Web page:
Applying Ethics to Supercomputing with Alumnus Matt Baughman

Introducing Matt Baughman, a Minerva graduate from the Class of 2019 | Mar, 26, 2021

Matt spends most of his working day researching ways to reduce the cost and energy needed to use supercomputers and the cloud. His work aims to help democratize supercomputing so that researchers across different industries can utilize innovative technologies. In some ways, he is like a protector of the cloud but, more formally, he is a Ph.D. candidate in Computer Science at the University of Chicago and a coordinator for the Computer Science Department’s summer research program.

Coming from a small town in the Midwest region of the United States, Matt was eager to attend Minerva for its exposure to new ideas, people, and places. Looking back, he is grateful to have made this decision as it brought him into a community that changed his mind — even more so than he anticipated — and provided an academic learning environment that exposed him to new avenues of research. At Minerva, Matt concentrated in both computer science and philosophy to approach his work in technology from an ethical perspective. He then utilized his learnings in class to seek opportunities in each city. For example, when he was in Berlin, Matt had the chance to work with Opinary, a local tech startup, to help them improve the way readers engage with online content. Then, during the summer before his third year, Matt interned at the Argonne National Laboratory where he developed an improved method of using genetic algorithms for neural networks in collaboration with the National Cancer Institute.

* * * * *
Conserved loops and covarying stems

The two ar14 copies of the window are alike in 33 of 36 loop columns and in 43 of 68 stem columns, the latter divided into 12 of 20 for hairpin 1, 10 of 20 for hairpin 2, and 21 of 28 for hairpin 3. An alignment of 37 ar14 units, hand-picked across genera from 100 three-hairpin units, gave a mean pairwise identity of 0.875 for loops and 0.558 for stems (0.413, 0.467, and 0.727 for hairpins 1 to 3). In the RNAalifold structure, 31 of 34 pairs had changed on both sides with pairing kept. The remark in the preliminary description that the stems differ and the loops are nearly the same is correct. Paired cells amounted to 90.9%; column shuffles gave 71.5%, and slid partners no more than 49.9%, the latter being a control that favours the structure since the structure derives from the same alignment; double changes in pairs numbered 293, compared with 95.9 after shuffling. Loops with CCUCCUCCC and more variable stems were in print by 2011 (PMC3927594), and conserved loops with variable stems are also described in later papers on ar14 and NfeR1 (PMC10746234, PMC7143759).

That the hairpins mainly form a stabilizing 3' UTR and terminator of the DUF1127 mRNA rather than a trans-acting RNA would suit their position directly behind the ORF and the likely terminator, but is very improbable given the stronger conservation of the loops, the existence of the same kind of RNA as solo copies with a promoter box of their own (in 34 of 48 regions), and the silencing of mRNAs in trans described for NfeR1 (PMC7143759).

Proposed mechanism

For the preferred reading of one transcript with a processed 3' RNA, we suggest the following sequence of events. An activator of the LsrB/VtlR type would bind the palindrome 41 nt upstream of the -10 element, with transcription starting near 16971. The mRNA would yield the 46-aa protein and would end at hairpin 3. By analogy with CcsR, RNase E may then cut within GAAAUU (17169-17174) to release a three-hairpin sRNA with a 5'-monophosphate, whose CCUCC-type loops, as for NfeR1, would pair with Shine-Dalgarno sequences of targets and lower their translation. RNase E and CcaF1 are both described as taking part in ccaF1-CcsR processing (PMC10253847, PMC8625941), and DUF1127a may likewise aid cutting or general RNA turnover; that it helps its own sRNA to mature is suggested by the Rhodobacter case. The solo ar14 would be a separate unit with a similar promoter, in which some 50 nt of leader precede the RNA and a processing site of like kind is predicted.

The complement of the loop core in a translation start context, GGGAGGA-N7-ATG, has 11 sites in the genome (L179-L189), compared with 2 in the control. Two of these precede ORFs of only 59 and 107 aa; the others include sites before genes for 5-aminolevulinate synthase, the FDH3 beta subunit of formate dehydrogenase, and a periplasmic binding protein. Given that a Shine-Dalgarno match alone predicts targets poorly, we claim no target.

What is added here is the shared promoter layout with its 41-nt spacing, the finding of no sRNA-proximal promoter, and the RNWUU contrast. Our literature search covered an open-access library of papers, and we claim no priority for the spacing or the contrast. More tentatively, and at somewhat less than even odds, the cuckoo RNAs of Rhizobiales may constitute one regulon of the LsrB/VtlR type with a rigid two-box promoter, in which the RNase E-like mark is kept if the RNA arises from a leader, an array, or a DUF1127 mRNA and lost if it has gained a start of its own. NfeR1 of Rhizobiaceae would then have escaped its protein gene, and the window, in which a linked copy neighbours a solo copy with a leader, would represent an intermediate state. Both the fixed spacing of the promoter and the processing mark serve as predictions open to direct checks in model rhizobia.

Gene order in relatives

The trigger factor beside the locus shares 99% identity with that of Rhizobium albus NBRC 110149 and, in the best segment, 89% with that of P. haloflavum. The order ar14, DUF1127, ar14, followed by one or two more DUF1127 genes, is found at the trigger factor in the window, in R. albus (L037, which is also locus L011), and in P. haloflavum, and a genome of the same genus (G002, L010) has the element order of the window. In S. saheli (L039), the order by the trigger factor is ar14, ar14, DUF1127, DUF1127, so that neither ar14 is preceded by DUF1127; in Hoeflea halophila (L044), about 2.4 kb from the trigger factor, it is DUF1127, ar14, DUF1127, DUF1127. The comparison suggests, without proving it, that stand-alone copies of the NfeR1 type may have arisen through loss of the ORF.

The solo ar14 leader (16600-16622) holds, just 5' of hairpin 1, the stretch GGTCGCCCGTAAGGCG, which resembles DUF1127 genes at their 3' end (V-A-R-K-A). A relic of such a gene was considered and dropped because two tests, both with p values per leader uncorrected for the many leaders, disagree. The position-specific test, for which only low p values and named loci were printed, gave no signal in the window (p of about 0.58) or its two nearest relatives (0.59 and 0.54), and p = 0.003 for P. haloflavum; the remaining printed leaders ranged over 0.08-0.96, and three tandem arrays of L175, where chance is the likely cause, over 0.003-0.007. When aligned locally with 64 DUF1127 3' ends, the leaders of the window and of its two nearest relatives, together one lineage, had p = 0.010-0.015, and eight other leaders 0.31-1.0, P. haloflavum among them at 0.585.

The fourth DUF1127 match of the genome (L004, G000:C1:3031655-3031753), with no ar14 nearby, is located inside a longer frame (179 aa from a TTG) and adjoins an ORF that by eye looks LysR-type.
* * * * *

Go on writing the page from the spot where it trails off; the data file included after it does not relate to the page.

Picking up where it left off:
At the University of Chicago, Matt is currently pursuing a graduate degree with a focus of making supercomputing accessible and cost-effective for all. His work centers on redistributing the technological and intellectual monopolies that large tech companies have on the cloud, a space he feels can be used more efficiently to allow other scientists and researchers to get the most out of these resources. Currently, not all domains are able to benefit from supercomputing abilities, which allow for a wider range of complex computations and can significantly improve performance, because it is an expensive and scarce resource with limited access. And although he works in the field of computer science, his role fundamentally requires and is benefited from an interdisciplinary approach. This socially-focused, interdisciplinary take is rooted in his belief and desire to help expand opportunities and bring people with diverse backgrounds together, which he experienced himself at Minerva. “To be able to do these internships on continents all around the world and to be able to work in very different atmospheres with a variety of unique people, ranging a lot of disparate fields that you’d say wouldn’t normally fit together — it was incredible,” shares Matt.

Now at one of the top schools in the United States for his specific type of research, Matt utilizes the skills he gained at Minerva on a daily basis and sees their effects play out all around him. Drawing from his improved communication and problem-solving skills from living abroad with a global community for the past four years, Matt aims to better relate to and work with the diversity of his colleagues as he problem solves the next steps in his research.

While technology is ever-changing, Matt hopes his work will have a lasting effect on the ways that high-performance computing is accessible. Whether someone has vast financial support or should not hinder their ideas from becoming a computational reality. “At the end of the day, we all have something to learn from everyone else. For those of us who can, it is our job to enable the strengths of others by building systems and curating information that empowers fast, efficient, and informed decision making.”

If you were inspired by Matt’s story and are seeking a college experience that will teach you valuable pragmatic skills that will enable you to change the world, apply to join Minerva today.